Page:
What follows is a brief description of the ENFJ personality type, including:
• Natural Strengths
• Common Tendencies
• Interaction Styles
• Stressors and Coping Mechanisms.
• Ideal and Corrupt versions of the ENFJ
Extroverted, Intuitive, Feeling, Judging. ENFJs are known for their enthusiasm and positive energy. They are very sensitive to the emotions of others, so they strive to create and maintain an upbeat/positive atmosphere around themselves. If they sense that “someone else is having a rough time,” they will instinctively try to help, but if the problem persists, they may need to distance themselves from that person (or risk becoming drained and down themselves).
This “sensitivity to the emotions of others” leads to a desire to feel “in control,” but at the same time ENFJs rarely try to “be in charge” or “control others” in the traditional sense. Instead they try to “mediate” and “encourage compromise” as a way of minimizing conflicts. As a result, they often “go with the flow” and can easily be “influenced” or “led astray.” In rare instances this “reluctance to assert themselves” can lead to a quiet build up of intense emotions, until those emotions suddenly “burst forth” from the ENFJ.
ENFJs typically respond to these “outbursts” by isolating themselves, only engaging a “trusted few” who have proven that they know how to “handle the ENFJ” and will not “misinterpret” or “attempt to influence or manipulate them.”
ENFJs long for social interaction, for connections and “shared experiences full of positive emotions,” but can struggle to “overcome their anxiety” and “engage new people.” Group activities (like games or fairs) can give them a sense of “structure” (what to expect and how to respond). ENFJs often worry about “creating conflict” by saying or doing “the wrong thing,” and also sometimes worry that “I am not intelligent,” so they will often refrain from sharing their own thoughts and ideas, preferring to respond to other people’s remarks.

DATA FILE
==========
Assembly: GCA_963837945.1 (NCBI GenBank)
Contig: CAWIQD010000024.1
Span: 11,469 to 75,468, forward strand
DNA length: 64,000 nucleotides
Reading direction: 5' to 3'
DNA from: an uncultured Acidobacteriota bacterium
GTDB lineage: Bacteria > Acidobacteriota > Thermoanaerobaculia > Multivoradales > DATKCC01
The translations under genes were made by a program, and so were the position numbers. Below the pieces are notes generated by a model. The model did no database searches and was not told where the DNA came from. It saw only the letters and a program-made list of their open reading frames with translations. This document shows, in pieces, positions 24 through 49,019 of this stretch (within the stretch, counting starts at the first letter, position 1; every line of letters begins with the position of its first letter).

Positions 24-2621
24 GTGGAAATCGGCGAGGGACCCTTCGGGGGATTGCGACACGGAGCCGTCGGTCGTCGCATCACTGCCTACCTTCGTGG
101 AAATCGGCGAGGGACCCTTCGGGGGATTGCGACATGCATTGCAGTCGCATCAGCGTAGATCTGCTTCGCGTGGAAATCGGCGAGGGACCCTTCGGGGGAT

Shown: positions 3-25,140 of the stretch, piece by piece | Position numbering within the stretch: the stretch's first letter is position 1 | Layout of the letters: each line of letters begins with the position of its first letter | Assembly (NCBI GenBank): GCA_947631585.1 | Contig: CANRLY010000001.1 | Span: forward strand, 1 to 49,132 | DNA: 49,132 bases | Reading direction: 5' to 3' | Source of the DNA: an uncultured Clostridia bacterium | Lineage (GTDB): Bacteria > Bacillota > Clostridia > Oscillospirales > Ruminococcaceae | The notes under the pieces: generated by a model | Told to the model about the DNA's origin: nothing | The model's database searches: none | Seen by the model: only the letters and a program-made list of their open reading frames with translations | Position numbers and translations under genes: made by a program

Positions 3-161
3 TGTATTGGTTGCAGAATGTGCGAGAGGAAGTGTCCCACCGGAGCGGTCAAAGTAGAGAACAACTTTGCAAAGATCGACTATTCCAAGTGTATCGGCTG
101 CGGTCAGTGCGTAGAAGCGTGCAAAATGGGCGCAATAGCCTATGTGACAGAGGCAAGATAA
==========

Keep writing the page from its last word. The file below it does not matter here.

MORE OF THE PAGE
ENFJs are stressed by conflict, negative emotions, repetitive tasks, “too much change (or uncertainty),” and by a “lack of appreciation” for the emotional care they exercise with others. When stressed, ENFJs can become very critical (of others and of themselves), and may search for a single “root cause” that simplifies the problem (and the solution). In times of intense distress, distractions can be the best medicine (exercise, hobbies, a story, time in nature). Once the ENFJ calms down, they can reengage the problem in a “more healthy way.”
ENFJs are known as the “kind parents” of the 16 types. They devote themselves to the well-being of “the group,” balancing “support and “gentle pressure” as they do their best to ensure everyone “feels good” but also “continues to grow.”
They will struggle with “expressing harsh truths ‘for your own good.” They want to “care for others,” but sometimes “what is healthy” requires some “short term discomfort.”
ENFJs are natural nurturers, but when they become corrupt they often become manipulative; passive-aggressively rewarding those who “cooperate with their desire for harmony (and reward them for their efforts)” and punishing those who do not.
They often “attach themselves” to someone powerful and authoritative, fawning over them (and manipulating them into creating/enforcing the “vision of order” the ENFJ desires). Anyone who can help them achieve what they want (in the form of their vision of harmony and order) will immediately become their favorite person (until they are no longer the person most well suited/equipped to do so).
The corrupt ENFJ will use all their insights and “nurturing nature” to discover secrets, earn favor (portraying a sweet innocence), then use everything they’ve gained to further manipulate others (to suit their agenda), convincing their current “associates” that “I would never betray you.”
In some cases the corrupt ENFJ may even take a dark pleasure in mocking people who have been vulnerable with them, typically (but not always) behind their backs. They may rationalize this behavior as “I am helping you. I’m teaching you a harsh truth, and I’m making sure you will remember ‘the lesson.”
At the end of the day, ENFJs “want to help others grow,” and even a corrupt ENFJ will often truly believe that “this is how the world is, and the sooner you learn these lessons, the better.” (Granted, if the people around the corrupt ENFJ do “learn these lessons,” it will be a lot harder for the corrupt ENFJ to “do what they like to do.”)
The stack is essentially “what distinguishes one personality type from another.”
If you would like some basic information about what the 8 skills and 8 roles mean (in general, please click the button below.